Photo by Theo Welling
Protesters gathered outside the St. Louis Zoo on June 13, 2015.
In the summer of 2015, a Cincinnati gun rights activist named Jeffry Smith set out to defy the signs proclaiming "No Firearms" at the St. Louis Zoo. One temporary restraining order later, he walked through the zoo's front gates on June 13 wearing an empty holster and vowing to continue the fight in court.
On Friday, a little more than two years since that day, St. Louis Circuit Judge Joan Moriarty issued a final ruling
in favor of the zoo, upgrading the temporary ban against Smith and "anyone acting in concert or participation with him" to a permanent one. Smith can still visit the zoo — but he can't do it while packing heat.
But what makes the ruling more interesting is that it deals a legal blow to the 2014 ballot initiative known as Amendment 5. Passed by a popular vote, the initiative amended the Missouri constitution to expand gun rights in the state, adding a high legal standard — "strict scrutiny" — for implementing limits. The new amendment declared that the "unalienable" right for Missourians to bear arms "shall not be questioned."
Photo by Theo Welling
Jeffry Smith (center) with two fellow gun advocates, packing heat on the Delmar Loop.
As detailed in a 2015 RFT cover story,
Smith had hoped to demonstrate just how far Amendment 5's new protections could go — and his tactic would be to challenge the right of the St. Louis Zoo, a public entity, to ban legally armed people from entering the park.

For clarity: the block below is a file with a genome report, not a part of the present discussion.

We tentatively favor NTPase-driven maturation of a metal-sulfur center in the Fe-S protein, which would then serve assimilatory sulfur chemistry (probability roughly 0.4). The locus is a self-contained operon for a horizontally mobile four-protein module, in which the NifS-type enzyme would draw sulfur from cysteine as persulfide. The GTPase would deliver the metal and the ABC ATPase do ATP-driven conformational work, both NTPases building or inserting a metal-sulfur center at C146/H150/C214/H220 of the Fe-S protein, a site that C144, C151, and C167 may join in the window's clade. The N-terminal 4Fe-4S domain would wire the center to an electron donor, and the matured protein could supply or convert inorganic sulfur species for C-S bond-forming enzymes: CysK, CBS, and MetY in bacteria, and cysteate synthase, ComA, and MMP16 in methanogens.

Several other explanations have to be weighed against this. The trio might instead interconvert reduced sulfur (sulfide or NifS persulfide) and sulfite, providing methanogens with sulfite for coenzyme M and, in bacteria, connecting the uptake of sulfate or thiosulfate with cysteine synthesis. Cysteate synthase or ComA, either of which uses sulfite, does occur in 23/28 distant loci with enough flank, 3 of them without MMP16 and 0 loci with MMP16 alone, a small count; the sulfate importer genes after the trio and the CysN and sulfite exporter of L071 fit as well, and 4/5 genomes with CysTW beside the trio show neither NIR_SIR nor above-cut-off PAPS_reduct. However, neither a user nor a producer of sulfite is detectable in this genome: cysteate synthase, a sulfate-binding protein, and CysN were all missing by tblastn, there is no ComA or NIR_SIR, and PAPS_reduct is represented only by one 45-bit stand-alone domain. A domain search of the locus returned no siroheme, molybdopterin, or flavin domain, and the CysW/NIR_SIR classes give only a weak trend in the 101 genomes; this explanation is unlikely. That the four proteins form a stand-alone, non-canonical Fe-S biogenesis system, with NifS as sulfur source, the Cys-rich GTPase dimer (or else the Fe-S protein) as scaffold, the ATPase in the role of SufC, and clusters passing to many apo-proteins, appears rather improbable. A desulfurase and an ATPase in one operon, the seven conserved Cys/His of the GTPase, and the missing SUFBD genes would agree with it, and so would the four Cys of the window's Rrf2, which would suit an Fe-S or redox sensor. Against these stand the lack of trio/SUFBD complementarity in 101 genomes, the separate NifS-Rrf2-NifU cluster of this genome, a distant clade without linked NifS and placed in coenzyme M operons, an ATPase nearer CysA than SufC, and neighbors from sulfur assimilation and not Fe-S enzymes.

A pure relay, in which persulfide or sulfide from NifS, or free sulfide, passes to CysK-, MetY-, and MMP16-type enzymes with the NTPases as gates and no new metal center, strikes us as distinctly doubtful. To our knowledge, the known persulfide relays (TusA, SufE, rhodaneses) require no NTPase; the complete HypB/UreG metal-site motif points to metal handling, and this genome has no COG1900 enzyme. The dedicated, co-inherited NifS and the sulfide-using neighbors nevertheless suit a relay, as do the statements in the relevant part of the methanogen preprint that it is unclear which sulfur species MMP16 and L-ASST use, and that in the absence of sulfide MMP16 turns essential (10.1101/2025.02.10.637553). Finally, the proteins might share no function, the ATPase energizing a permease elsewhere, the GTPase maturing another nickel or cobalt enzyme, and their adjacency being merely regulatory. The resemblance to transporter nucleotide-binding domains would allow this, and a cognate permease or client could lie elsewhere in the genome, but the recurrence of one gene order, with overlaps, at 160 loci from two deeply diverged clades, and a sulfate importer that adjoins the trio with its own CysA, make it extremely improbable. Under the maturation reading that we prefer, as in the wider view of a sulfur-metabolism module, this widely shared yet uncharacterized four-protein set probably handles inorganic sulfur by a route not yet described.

Granted, there was reason to believe that Amendment 5 had some muscle. At the time, a city judge had already cited the sweeping language in the new constitutional amendment to justify allowing felons with non-violent offenses to possess firearms. (Later, in 2016, the city judge's ruling was struck down by the Missouri Supreme Court
In Judge Moriarty's latest ruling, she states that the zoo "falls squarely into at least two lawful exceptions" granted to the state's open carry laws — educational facilities and amusement parks.
"The zoo is a family attraction where the presence of guns would be irregular and dangerous," Moriarty writes. "The court finds that the zoo's policy prohibiting visitors from carrying guns on the zoo's campus is narrowly tailored to support a reasonable government purpose, and therefore, would survive a 'strict scrutiny' challenge under well settled legal precedents."
Smith's lawyer, Jane Hogan, disputes the zoo's designation as an "amusement park" — a term that is not precisely defined in the statute — and maintains that the judge was wrong to issue the restraining order in the first place.
"I really think that she has used the term of the statute in the broadest possible sense in order to come up with the decision that she did," Hogan says.
Reached by phone Monday afternoon, Smith declined to comment on the judge's Friday ruling, though he did take the opportunity to express frustration at the lack of support from Amendment 5's original legislative sponsor, former state Senator Kurt Schaefer (R-Columbia). "Schaefer is a typical politician," Smith says.
Smith says he plans to appeal his case to a higher court.
Follow Danny Wicentowski on Twitter at @D_Towski. E-mail the author at Danny.Wicentowski@RiverfrontTimes.com